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The Killers deliver a wonderfully flawless, Texas-sized evening of live rock extravaganza at its best

Returning to the Houston area after a five-year absence, lead singer Brandon Flowers and the rest of The Killers crew amply demonstrated to their Bayou City fans that baring witness to the band, live in the flesh, once again, was certainly more than worth the wait.

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Rob Loud

"Why are you so perfect?" an excited and enthusiastic fan in the audience "pit" screamed out at The Killer's lead singer Brandon Flowers, in between a pair of the band's biggest hit tunes during the rock/pop collective's nearly two-hour set at the Smart Financial Centre in Sugar Land, Texas. At hearing the devout declaration, Flowers, sporting perfectly-coifed hair and decked out in a gold lamé suit, broke into an enormous grin, playfully shrugged his shoulders and mouthed back to the audience, "I don't know?"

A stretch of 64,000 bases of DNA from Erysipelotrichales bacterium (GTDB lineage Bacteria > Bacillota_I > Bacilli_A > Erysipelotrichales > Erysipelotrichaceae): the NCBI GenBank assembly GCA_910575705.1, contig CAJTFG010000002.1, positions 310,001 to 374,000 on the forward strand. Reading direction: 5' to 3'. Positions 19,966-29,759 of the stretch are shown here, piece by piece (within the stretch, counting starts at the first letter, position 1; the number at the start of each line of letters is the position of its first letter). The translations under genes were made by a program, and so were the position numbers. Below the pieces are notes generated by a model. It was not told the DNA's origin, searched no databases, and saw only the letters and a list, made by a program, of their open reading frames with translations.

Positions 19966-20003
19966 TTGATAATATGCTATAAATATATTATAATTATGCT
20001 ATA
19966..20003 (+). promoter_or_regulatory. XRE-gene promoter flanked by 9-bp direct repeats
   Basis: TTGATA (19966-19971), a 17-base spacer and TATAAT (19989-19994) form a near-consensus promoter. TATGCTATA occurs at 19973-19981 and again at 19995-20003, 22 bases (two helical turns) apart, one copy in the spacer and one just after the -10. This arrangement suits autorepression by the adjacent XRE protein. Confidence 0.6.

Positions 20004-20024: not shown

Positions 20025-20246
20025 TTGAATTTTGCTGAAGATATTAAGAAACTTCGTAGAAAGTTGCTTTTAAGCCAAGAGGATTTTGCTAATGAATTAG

The 7,000-plus devotees who attended The Killers' concert at the sold-out venue, which lies on the outskirts of Houston, could definitely offer up nearly two dozen perfectly good reasons why Flowers and his band mates should be considered one of the hottest and most musically reliable American-born rockers on the contemporary scene today.

Performing 22 songs spanning their five studio albums, from The Killers' early mega-hit "Mr. Brightside" to "Run For Cover," the latest single from their 2017 album release, Wonderful Wonderful, Flowers, drummer Ronnie Vannucci Jr., three female back-up singers and four sizzling tour musicians (hired to temporarily replacing original guitarist David Keuning and bassist Mark Stoermer — who opted to sit out the "Wonder Wonderful" world tour, but are still members of the band), The Killers delivered a wonderfully flawless, Texas-sized evening of rock extravaganza.

From his numerous glitzy Vegas crooner-type outfit changes and the massive state-of-the-art video projection system to a perfectly-synched, out-of-this-world light show combined with Flowers relentlessly engaging, charmingly energetic stage presence — which often found him prowling across the entirety of the stage in seconds flat — there was never a dull moment in the near two-hour presentation. It was the epitome of jaw-dropping, audience-pleasing arena rock constructed perfectly for their all-encompassing 21 century fan base, which runs the age gamut — equal amounts of every generation, from baby-boomers to millennials — if the crowd that had assembled for Friday night's show is an accurate barometer.

Earl Dittman